Miki Orihara Brings Female Dance Masters to the Fore in “Resonance III”
Dance is interpersonal, according to Miki Orihara, the Bessie Award-winning artist whose 27 years and rise to principal dancer in the Martha Graham Dance Company distinguish her accomplishments as a performer, choreographer and master teacher. “Person to person, that’s how I like to learn and present my work,” she says in an interview from her East Coast home.
Orihara has in her background traditional Japanese Fujima dance, studied at Takata/Yamada Dance Studio in Tokyo, and American ballet, jazz, and modern dance training at Joffrey Ballet School, Alvin Ailey American Dance Center, and the Martha Graham School of Contemporary Dance. In addition to her work with the Graham company, Orihara has appeared with the companies of Twyla Tharp, Stephen Pier, Martha Clarke, and others. She has performed in works by Robert Wilson, on Broadway, and in films. A primary mentor during her career has been Yuriko Kikuchi, former director of the Graham Company.
Presented by Theatre of Yugen on May 15 and 16, “Resonance III” features Orihara performing a solo concert of five pivotal works choreographed by female dance masters: Graham’s Lamentation (1930), Doris Humphrey’s Two Ecstatic Themes (1931), Seiko Takata’s Mother (1938), Konami Ishii’s Moon Desert (early 1930’s), and Yuriko’s Cry (1963).
“Yuriko is so widely known, everyone uses just her first name,” says Orihara. “I met her in 1981 and ever since, she’s been my New York mother, my guide.” With early training in Japan, pre-professional study in the United States, and long, highly respected careers as performers, choreographers, regisseurs, and coaches of Graham repertoire, Yuriko and Orihara traveled parallel paths. “Also, in the Graham company, the roles I got cast in were mostly Yuriko’s. I learned the roles from her and other dancers, not from video.”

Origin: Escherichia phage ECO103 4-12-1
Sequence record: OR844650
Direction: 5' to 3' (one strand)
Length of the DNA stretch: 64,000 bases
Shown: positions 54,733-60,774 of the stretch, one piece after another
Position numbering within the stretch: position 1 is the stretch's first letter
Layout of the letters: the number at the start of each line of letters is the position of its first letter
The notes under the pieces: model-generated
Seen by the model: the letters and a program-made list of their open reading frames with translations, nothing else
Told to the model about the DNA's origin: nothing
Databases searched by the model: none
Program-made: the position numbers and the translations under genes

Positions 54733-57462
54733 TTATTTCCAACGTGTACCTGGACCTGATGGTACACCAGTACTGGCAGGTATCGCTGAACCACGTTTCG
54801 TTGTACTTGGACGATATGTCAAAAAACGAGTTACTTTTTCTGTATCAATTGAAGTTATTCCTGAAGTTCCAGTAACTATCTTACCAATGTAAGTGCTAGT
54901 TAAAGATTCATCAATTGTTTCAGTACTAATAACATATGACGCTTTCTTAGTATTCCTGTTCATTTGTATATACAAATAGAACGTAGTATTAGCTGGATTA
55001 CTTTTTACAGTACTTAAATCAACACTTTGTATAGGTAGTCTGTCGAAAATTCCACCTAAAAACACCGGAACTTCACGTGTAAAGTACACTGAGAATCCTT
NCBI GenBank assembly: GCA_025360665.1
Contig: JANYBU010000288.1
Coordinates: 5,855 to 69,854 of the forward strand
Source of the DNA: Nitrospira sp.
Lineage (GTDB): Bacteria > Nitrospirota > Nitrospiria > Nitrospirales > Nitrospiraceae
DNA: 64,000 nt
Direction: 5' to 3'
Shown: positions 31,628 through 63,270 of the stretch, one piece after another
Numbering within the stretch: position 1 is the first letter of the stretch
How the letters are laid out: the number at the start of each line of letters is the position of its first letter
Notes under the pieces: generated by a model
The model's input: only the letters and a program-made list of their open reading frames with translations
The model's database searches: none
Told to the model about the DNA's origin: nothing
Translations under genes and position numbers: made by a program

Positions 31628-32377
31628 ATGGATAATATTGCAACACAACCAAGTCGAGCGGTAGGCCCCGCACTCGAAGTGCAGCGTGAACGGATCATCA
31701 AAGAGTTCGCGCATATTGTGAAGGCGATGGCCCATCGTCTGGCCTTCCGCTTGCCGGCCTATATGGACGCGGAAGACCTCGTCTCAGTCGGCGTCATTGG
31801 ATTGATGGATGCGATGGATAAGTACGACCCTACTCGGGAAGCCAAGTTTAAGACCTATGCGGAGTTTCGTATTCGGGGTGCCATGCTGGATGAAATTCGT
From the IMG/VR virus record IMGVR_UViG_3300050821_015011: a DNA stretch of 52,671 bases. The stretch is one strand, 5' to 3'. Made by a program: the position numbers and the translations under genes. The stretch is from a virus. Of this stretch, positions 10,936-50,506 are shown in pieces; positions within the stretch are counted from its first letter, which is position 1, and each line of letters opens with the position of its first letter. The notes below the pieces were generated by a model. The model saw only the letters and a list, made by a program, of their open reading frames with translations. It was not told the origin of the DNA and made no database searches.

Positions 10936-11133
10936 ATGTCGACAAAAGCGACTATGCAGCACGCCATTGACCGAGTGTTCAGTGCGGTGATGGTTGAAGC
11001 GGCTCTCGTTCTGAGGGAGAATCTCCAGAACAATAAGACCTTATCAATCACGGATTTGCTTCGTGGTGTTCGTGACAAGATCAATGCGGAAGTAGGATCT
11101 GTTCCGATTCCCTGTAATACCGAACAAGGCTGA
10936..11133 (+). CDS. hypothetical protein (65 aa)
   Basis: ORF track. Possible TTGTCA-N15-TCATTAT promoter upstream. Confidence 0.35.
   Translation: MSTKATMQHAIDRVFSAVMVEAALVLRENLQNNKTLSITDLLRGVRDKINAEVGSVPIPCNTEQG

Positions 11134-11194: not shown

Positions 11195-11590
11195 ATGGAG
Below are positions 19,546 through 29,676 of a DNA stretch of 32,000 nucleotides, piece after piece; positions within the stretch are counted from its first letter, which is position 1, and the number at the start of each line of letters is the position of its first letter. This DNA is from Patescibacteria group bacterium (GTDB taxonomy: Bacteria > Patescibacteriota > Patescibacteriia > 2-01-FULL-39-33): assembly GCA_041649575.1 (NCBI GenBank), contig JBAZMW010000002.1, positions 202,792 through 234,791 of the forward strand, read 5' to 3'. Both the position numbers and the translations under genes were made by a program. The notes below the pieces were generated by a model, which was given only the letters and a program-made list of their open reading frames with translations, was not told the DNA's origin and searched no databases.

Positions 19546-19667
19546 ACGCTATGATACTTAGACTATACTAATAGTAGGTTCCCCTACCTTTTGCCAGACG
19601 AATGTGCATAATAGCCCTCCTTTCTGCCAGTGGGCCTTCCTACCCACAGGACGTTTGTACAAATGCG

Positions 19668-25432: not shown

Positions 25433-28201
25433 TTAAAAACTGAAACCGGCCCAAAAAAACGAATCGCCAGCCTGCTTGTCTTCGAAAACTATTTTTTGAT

That is how dance at its most fundamental level became inter- and intra-personal to Orihara. The inspiration and purpose of “Resonance III” is to pay tribute to the tradition of works passed body-to-body through generations and across geographic divides. “I kept contact with my Japanese teachers (while later dancing in America). The oldest pioneers, I realized, are leaving this earth. All the connections, the background — if I don’t do something with this, no one else will do this. Japanese blood is what Yuriko, I and these pioneers have in common. I am here because of coming to dance with American modern dance masters, but without the Japanese artists and training, I and Yuriko wouldn’t be here. It is our lineage.”
The performance will showcase Orihara and include pianist Nora Izumi Bartosik in four of the five dances. “Nora is half Japanese, half American. I heard her playing before I knew that about her — and liked her playing. I want her to explore the themes of the work as I am. The piano will be onstage, upstage right. I can’t actually look at her and she doesn’t need to look at or play for me, but we must perform together.”
Addressing the commonalties and contrasts between Japanese and American dance, Orihara says the styles differ, but dance connected to emotional energy and feeling forms the core of the selections. “The dance comes from the inside. It’s not about shape. The Japanese pieces are more directly emotion-related than the American. Graham is more the abstract part of emotional expression, as is Humphrey.”
In rehearsal, Orihara uses video to learn the choreography; preferring to use the earliest versions. “I like to get as close to the original source as possible,” she says. But to truly embody, invest in, or “know” a dance, Orihara, like most dancers, relies on other dancers who have performed the role or on trusted coaches. If a coach cannot work with Orihara in person, she uses Skype or sends videos for review and notes.
In each work, there are goals far beyond simply rendering the choreography. Lamentations is familiar and instinctive; most vital is to follow coaches’ advice she has received to “not think it, just dance it.” Sometimes, while performing the work, she says, “I see Martha. I see my mother. I feel them around me.” Takata’s Mother, she aims to deliver with strong, linear physicality and humid or “wet” expression, like summer heat. “The subtitle of “mother’s love and kindness and prayer to the future” gives me information too.” Ishii’s dance, based on a children’s song, casts her into the role of an Indian princess crossing the desert in moonlight; Humphrey’s work offers freedom for exploration; and Yuriko’s Cry is a universal cry. “It’s not sobbing,” she says, “it’s how the cry goes through your body and is released. It’s a process.”
Extending the connections drawn through Orihara’s performance of the decades-spanning works, Nanako Yamada will teach a Dalcroze Gesture Master Class that includes learning the 20 basic gestures of modern dance that originated in Japan. Dance scholar, historian, professor, and choreographer Yasuko Kataoka will present a preperformance lecture on early 20th-century Japanese dance history.